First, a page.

An enterprise service bus (ESB) is a software architecture that allows for the integration of enterprise applications and services. A good analogy for an esb is to think of it as a router; providing the connections between enterprise applications.
Another good way of visualizing an enterprise service bus might be to think of it as a series of switches that decide where to send a message to based on the implementation, business policies or message contents.
If you are aware of how computing hardware actually works, you can picture the interactions and communication occurring across a physical bus like it would in modern computers.
Why Use An Enterprise Service Bus
Since an enterprise service bus is a middle layer communication tool there are a number of great features that might exist.
- Message Bus: an architecture for encouraging applications to work in a decoupled way.
- Connectors: most enterprise service buses come with predefined connectors that can do a lot of the heavily lifting.
- Publish and subscribe: a lot of the esb available can coordinate services in an asychronous fashion meaning users don’t necessarily need to sit and wait around.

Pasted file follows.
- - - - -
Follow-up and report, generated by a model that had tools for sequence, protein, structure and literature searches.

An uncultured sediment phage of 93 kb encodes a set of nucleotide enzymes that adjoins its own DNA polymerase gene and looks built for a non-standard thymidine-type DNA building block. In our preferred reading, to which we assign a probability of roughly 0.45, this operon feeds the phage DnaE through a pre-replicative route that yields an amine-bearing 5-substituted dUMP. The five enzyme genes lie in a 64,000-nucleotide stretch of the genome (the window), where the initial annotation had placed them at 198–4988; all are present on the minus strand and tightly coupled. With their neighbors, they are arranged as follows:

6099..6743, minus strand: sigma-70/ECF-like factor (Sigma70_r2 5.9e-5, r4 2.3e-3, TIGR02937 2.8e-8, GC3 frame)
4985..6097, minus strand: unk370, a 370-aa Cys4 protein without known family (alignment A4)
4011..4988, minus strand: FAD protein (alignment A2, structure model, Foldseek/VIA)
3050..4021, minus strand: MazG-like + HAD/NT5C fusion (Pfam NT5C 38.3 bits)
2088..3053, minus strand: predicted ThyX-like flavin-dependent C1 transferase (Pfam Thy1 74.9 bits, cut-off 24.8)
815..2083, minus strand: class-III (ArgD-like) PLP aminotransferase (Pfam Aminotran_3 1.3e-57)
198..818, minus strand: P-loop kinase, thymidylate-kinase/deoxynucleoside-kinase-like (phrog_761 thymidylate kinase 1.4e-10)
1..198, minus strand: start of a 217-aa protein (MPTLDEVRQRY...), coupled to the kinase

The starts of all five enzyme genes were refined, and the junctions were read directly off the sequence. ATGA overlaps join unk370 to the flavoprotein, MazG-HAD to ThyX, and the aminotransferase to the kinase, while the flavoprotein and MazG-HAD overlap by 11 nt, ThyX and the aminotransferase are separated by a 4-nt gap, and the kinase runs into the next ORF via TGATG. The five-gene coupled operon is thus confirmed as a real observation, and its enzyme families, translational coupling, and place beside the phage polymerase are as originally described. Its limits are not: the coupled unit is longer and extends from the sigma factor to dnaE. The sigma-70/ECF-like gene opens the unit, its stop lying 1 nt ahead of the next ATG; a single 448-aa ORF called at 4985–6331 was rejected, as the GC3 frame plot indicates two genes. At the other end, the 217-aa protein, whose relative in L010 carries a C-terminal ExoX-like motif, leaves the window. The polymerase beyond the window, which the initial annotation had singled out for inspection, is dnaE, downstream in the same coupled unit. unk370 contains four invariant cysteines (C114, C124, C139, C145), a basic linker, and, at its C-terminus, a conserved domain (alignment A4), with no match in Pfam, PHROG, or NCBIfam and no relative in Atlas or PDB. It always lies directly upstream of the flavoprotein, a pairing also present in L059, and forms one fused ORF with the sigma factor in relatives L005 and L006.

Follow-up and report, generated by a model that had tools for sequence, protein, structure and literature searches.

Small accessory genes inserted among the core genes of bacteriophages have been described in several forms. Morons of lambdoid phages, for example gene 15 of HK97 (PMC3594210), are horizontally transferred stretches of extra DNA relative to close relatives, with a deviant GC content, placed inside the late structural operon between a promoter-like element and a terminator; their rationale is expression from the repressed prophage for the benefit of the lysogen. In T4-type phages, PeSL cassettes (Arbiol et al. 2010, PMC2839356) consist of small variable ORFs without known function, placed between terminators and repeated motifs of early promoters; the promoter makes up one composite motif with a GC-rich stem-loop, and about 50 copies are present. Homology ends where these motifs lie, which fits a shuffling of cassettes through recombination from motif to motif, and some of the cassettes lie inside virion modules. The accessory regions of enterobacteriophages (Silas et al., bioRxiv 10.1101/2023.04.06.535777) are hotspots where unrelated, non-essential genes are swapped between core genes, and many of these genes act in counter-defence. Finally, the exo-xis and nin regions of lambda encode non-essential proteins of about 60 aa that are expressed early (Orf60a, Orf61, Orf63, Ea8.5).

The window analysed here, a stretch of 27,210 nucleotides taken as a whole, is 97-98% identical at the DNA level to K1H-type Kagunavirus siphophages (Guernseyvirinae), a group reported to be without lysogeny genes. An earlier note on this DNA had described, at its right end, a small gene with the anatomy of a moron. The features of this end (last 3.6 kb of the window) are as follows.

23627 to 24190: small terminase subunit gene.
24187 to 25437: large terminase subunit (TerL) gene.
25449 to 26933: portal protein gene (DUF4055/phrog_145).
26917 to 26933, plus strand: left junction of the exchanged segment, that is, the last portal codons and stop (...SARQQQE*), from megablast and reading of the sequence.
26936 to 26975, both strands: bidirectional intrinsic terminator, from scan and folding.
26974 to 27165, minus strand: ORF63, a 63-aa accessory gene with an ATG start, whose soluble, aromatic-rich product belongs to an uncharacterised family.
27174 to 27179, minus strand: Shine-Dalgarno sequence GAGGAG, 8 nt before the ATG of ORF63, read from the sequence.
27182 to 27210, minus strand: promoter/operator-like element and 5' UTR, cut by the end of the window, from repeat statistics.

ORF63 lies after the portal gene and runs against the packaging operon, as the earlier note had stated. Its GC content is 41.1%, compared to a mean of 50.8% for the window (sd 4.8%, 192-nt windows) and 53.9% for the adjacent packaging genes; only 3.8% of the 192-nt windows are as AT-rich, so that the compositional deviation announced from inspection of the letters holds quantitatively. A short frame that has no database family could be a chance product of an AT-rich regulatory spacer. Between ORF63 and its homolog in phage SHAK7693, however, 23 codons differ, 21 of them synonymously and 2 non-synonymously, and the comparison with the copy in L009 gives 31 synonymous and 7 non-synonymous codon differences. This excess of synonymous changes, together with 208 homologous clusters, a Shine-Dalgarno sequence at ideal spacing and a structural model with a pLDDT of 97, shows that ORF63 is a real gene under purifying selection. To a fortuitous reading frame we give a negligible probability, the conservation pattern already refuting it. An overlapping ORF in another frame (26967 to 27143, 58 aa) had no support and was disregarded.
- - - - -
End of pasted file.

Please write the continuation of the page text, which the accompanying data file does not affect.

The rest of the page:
- Configuration: a lot of the enterprise service buses available can do a lot of things through configuration vs code.
An esb is really common for companies that are practicing service oriented architectures (SOA). In general, microservices do not use an enterprise service bus .
What can an Enterprise Service Bus do?
The enterprise service bus provides a way to loosely couple systems and provides a securable, scalable, and cost effective way to enable real-time data exchange among many systems.
A service provider puts its data on the enterprise service as a message which all enterprise systems can consume. A number of systems can subscribe to the same data and transact on it as necessary.
Examples of Enterprise Service Buses
There’s a number of popular Enterprise Service Buses available on the market. As we integrate more and more applications together, I expect we could see even more.
- IBM App Connect
- Microsoft Azure Service Bus
- Mule ESB
- Apache Camel (Open Source)
- Apache ServiceMix (Open Source)
Wrapping it Up
If you are connecting more than four systems, it might make sense to start looking for an enterprise service bus.